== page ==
Japanese Grand Prix Qualifying Delayed Until Sunday Morning, May Still Be Canceled

Photo: Charles Coates (Getty)

As Typhoon Hagibis approaches Japan, Formula One officials have decided to start taking action to, hopefully, reduce any unnecessary danger to fans and drivers attending the Japanese Grand Prix. All Saturday action has been canceled, and qualifying has been moved to Sunday morning before the race.

But nothing is set in stone here. An official statement from F1 currently has qualifying set for 10 a.m, local time (9 p.m. ET), with the race beginning at 2:10 PM local time (1:10 a.m. ET). That’s about as late as the race could go; sunset at the track takes place around 5:30 p.m.

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There is also a mandated four-hour time period in which a Grand Prix can be held. Those four hours include all postponements or red flag periods that may take place—so the race can’t be delayed indefinitely. There’s a small possibility that the race could be delayed an hour, but F1 officials seem to believe that it is unlikely.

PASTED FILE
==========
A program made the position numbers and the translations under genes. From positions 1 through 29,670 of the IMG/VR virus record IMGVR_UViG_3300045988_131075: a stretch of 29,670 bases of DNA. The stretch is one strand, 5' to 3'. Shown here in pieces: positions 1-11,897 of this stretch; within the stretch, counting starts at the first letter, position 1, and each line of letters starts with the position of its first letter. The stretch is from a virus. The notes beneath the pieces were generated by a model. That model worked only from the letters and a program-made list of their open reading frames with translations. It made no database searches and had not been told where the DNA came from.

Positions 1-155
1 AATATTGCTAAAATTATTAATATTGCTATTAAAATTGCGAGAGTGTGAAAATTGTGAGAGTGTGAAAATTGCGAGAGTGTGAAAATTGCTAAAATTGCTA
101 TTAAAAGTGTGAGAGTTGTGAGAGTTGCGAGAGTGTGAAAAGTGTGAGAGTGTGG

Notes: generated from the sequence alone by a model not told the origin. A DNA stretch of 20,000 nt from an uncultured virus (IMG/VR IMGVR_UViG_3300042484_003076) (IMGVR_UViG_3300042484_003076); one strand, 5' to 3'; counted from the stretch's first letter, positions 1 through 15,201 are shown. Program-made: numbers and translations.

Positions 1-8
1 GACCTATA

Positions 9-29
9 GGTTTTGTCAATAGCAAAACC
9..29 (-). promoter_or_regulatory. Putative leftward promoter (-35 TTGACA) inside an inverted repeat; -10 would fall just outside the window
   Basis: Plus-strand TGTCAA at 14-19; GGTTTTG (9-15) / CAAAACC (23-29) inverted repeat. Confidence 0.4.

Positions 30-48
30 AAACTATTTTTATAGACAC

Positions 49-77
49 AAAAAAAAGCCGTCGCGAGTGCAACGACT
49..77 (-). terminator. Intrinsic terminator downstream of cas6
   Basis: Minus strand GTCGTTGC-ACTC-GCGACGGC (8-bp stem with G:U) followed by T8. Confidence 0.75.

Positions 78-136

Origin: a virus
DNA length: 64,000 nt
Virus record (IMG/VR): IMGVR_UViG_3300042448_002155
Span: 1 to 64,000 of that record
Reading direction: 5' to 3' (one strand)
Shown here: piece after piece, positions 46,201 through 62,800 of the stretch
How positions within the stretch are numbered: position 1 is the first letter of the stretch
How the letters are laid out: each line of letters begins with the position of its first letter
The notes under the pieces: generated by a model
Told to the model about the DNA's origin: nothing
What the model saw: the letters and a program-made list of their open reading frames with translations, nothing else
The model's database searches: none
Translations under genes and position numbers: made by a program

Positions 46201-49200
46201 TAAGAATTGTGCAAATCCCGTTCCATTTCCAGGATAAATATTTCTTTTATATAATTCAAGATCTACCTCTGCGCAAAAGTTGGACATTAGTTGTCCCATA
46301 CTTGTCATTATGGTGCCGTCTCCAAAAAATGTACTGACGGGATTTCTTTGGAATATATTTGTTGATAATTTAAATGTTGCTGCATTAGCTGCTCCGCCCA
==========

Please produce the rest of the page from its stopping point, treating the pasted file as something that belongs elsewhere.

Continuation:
It’s entirely possible that the Sunday morning qualifying session could also be canceled if conditions get shitty enough, Motorsport.com reports. Weather forecasts predict that much of the worst of the weather will be over by race time, but that high winds and heavy rain could last through the early hours of Sunday. And it’s not like qualifying can be delayed much further than it already is without really impacting the start of the race.

If that happens, then the results of Friday’s second practice session will determine the starting grid. That would see Valtteri Bottas starting on pole position with teammate Lewis Hamilton next to him. You can view the full FP2 results here.

As of right now, it seems highly likely that the Grand Prix will proceed, even if most F1 track time ends up being scrapped—but, as with any catastrophic weather events, there are no guarantees. The best places to stay up to date are F1's Twitter account, the F1 Media Twitter account, and F1's website.

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Elizabeth Blackstock

Staff writer. Motorsport fanatic. Proud owner of a 2013 Mazda 2.